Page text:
A COCKER Spaniel has stunned members of a conversational Gaelic speaking class by mastering the necessary basics -- for a dog -- of the notoriously difficult-to-learn language in three weeks.
Four-year-old Ginger responds to “suidh” (sit) “fuirich” (stay) and “trobhad” (come here) and understands when his owner, retired Neil Smith, praises him with “cu math” -- good boy.
Mr Smith, 67, who is profoundly deaf, said he was amazed by how quickly Ginger, a hearing dog, learned to understand the native tongue of Mr Smith’s great-grandmother. It can take months or even years for people to grasp the tongue.
He credits Ginger, who is an English Cocker Spaniel (working breed), with encouraging him to continue going to weekly Gaelic speaking class classes at Strone Church of Scotland near Dunoon in Argyll.
Mr Smith, who lives in Strone, attends the group every Friday along with 23 other people.
He said today: “”Ginger learned Gaelic because he has been coming with me to the drop-in centre and I thought it would be good fun.
“He has picked it up really quickly -- it only took him about three weeks.
“It is great because I can show off that he is a bi-lingual dog - people think it is amazing that he can do that and it is a wee bit of added interest to the class.”
The Moderator of the General Assembly of the Church of Scotland, the Right Rev Dr Angus Morrison, who has officially announced that the group had changed its name from Strone Gaelic drop-in centre to Ionad na Ceilidhe - the meeting place to talk - said he was “very impressed” by Ginger’s grasp of the language that he also speaks.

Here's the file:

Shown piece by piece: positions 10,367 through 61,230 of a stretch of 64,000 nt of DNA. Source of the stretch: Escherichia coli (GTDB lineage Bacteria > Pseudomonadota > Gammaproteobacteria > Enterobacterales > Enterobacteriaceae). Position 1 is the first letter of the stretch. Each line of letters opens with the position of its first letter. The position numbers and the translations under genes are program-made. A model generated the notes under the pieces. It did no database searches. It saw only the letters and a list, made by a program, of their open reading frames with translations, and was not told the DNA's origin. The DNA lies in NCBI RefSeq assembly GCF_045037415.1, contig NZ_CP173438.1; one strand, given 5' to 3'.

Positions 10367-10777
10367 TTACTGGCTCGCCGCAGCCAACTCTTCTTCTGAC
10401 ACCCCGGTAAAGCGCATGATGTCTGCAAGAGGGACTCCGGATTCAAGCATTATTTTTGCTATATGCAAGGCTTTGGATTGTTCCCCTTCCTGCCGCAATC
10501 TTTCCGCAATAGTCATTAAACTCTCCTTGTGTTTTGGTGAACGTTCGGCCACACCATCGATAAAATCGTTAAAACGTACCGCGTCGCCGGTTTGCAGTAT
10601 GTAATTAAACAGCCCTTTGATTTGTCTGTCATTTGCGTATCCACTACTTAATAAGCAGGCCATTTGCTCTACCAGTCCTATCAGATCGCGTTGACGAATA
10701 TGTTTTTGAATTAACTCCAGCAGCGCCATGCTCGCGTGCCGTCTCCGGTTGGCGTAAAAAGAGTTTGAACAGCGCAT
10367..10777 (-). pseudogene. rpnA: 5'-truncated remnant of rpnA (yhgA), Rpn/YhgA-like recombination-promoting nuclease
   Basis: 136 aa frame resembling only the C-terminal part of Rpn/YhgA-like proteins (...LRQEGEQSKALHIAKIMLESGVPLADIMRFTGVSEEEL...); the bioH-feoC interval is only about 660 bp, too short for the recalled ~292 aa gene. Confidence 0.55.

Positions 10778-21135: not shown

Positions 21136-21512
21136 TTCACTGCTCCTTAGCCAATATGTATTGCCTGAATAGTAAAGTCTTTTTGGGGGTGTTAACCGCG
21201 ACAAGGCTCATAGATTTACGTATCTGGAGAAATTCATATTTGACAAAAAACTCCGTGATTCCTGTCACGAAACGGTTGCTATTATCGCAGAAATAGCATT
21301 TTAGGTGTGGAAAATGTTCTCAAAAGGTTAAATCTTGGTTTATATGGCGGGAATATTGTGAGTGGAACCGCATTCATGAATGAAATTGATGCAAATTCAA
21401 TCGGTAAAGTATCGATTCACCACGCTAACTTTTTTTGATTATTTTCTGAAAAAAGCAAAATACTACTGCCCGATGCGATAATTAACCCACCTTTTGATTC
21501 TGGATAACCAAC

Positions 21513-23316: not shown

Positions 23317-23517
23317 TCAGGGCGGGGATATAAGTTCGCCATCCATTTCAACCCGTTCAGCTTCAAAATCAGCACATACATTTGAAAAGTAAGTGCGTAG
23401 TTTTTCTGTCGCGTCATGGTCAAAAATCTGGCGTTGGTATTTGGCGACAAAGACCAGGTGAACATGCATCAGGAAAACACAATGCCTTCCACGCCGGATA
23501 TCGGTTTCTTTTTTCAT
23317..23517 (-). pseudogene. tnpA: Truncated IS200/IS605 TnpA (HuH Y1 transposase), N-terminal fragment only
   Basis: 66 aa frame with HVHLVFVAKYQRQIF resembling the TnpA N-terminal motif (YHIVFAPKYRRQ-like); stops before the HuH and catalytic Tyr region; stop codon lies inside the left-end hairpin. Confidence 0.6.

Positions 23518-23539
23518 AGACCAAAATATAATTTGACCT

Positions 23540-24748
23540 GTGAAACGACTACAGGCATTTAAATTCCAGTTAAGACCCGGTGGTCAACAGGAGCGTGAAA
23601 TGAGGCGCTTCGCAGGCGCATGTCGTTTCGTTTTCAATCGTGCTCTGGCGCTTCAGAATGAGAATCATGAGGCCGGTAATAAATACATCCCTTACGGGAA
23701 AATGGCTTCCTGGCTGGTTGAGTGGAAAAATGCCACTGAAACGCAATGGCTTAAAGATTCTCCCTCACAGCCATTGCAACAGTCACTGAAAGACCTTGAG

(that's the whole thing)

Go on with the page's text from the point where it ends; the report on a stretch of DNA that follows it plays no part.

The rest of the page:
Dr Morrison said: “It is great to see an older person enjoying such a good relationship with his dog where Gaelic is the medium of communication.”
Elma McArthur, who grew up in Tiree in the Inner Hebrides but now lives in Dunoon and leads the conversation class, said she, also, was impressed by the speed Ginger had picked up the complex language.
She said: “He is a very, sharp clever dog.
“It is a really good advert for Gaelic.
“I have never heard of a dog learning it as a second language before.”
Mr Smith said Ginger’s “unique” ability had encouraged him to continue his studies.
He said: “He has given me a lot of confidence because I used to be a very shy person and often felt quite isolated in company, even with family and friends.”
The former driving instructor, who is married to Eileen, said his deafness meant he tended to shy away from conversations but Ginger had “broken down barriers” for him.
He said: “Going to the Gaelic class gets me out and about to meet people and I have always wanted to learn the language because my great-grandmother spoke it but it was not passed down through the family.
“Ginger is helping to lead a family revival.”